“This place can take you anywhere”: Four Students on Why They Chose Metropolia University of Applied Sciences.

WITH JOINT APPLICATIONS just around the corner, tens of thousands of people are now feverishly trawling through websites and brochures in an attempt to make the most important decision of their career. 

This year, a record number of students will be entering bachelor’s, master’s, and doctoral education, including thousands of international students representing hundreds of countries. A majority of those students will be conducting their studies here in Helsinki, which is home to most of the top-ranked institutions in the country. 

One of those institutions is the Metropolia University of Applied Sciences, established in 2008, the largest UAS in Finland,  now boasting over 16,000 students, 1500 of them with international background, representing 90 nationalities.  

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Orsi, a 21-year-old international business student from Hungary, says that choosing Lapin AMK was the best decision she’s ever made.

As Finland redoubles its efforts to attract more international students, little attention has been paid to the far north of the country, where a small but rapidly-growing cohort of students from across the world are choosing to call this winter wonderland their home.

Lapland is home to the northernmost university of applied sciences in Europe, Lapin AMK, which teaches close to 6000 students at campuses in Rovaniemi, Tornio, and Kemi. Over 500 of those students now hail from outside of Finland, choosing Lapin AMK to study one of their English language degrees or as part of a study exchange program. 

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Montessori schools are institutions that subscribe to the “Montessori method” of education, a progressive approach to children’s learning that has been in use for over a century. The method sees children as independent and intrinsically thirsty for knowledge, with its unconventional learning model being characterized by student autonomy, freedom of movement in the classroom, independent learning, and mixed-age classrooms. 

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Minister of Education Sanni Grahn-Laasonen (NCP) in a press conference about the start of the school year in Helsinki on 2 August 2018.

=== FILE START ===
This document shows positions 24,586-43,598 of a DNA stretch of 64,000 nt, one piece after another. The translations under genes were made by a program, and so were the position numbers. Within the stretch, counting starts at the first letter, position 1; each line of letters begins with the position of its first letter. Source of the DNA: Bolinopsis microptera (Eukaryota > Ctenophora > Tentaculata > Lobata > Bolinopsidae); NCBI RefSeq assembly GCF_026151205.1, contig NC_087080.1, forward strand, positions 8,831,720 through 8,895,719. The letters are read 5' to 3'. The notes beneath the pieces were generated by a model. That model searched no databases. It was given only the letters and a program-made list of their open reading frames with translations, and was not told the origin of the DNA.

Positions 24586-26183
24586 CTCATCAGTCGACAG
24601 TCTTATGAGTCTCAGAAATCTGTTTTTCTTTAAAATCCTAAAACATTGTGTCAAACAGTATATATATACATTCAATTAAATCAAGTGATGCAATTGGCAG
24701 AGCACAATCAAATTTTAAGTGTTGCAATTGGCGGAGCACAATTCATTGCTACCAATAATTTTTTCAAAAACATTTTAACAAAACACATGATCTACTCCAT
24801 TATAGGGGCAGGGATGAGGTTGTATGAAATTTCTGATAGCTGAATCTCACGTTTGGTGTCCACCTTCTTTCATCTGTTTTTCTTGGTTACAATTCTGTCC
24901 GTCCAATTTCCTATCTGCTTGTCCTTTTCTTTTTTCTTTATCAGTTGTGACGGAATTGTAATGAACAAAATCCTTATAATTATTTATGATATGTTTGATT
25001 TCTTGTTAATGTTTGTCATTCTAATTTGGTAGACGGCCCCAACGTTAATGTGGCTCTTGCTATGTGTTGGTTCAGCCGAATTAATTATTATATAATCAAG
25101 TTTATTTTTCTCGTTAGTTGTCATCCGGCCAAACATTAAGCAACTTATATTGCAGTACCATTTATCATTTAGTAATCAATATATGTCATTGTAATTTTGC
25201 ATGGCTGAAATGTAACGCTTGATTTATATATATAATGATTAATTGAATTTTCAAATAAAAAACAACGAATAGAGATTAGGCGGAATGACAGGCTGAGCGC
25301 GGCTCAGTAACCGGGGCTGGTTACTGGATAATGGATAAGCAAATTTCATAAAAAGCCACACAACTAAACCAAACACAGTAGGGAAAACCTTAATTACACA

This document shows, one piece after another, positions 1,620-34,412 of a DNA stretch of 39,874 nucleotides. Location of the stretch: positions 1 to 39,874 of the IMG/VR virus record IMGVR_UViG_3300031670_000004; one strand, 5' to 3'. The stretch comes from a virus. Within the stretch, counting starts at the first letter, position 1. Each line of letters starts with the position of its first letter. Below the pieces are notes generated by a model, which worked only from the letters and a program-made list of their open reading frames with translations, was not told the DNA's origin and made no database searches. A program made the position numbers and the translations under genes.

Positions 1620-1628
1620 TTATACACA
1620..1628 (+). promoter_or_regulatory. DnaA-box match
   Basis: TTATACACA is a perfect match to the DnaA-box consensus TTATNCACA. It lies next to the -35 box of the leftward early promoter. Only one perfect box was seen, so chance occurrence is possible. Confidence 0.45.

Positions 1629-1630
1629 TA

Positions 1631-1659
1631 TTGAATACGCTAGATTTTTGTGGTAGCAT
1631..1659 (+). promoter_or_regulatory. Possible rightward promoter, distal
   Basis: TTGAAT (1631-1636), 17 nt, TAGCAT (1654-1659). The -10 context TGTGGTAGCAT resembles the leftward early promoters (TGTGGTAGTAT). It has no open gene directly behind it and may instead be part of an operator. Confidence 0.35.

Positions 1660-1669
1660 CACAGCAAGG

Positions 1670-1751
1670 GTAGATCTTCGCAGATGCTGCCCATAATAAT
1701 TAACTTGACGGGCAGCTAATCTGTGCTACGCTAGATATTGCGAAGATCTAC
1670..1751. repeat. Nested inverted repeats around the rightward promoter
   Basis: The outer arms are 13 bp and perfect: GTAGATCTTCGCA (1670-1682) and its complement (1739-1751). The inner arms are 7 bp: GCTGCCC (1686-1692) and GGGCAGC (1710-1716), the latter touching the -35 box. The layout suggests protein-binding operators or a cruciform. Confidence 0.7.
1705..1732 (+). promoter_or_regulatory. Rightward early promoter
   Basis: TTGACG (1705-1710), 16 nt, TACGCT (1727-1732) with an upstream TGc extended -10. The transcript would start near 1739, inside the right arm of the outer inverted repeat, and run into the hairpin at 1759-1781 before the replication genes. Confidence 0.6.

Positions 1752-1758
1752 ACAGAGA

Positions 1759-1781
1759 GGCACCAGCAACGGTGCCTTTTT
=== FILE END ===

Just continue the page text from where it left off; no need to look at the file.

Minister of Education Sanni Grahn-Laasonen (NCP) in a press conference about the start of the school year in Helsinki on 2 August 2018.

 

The Finnish government will launch new pilot projects to reduce the cost of textbooks and other educational materials in vocational and general upper-secondary education.

Sanni Grahn-Laasonen (NCP), the Minister of Education, revealed last week that a total of four million euros has been allocated for the projects, half of which will be disbursed to vocational and the other half to general upper-secondary education institutions.

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Olli Luukkainen, the chairperson of the Finnish Trade Union of Education (OAJ), believes all children should take part in pre-primary education for two years instead of one before the start of compulsory basic education.
Olli Luukkainen, the chairperson of the Finnish Trade Union of Education (OAJ), believes all children should take part in pre-primary education for two years instead of one before the start of compulsory basic education.

 

The Finnish Trade Union of Education (OAJ) demands that the scope of pre-primary education be expanded by a year to also include five-year-old children.

“The society is increasingly aware of the significance of high-quality early-childhood and pre-primary education for the educational path of children. OAJ’s next objective is to have all five-year-olds participate in pre-primary education and have the change laid out in the next government programme,” declares Olli Luukkainen, the chairperson of OAJ.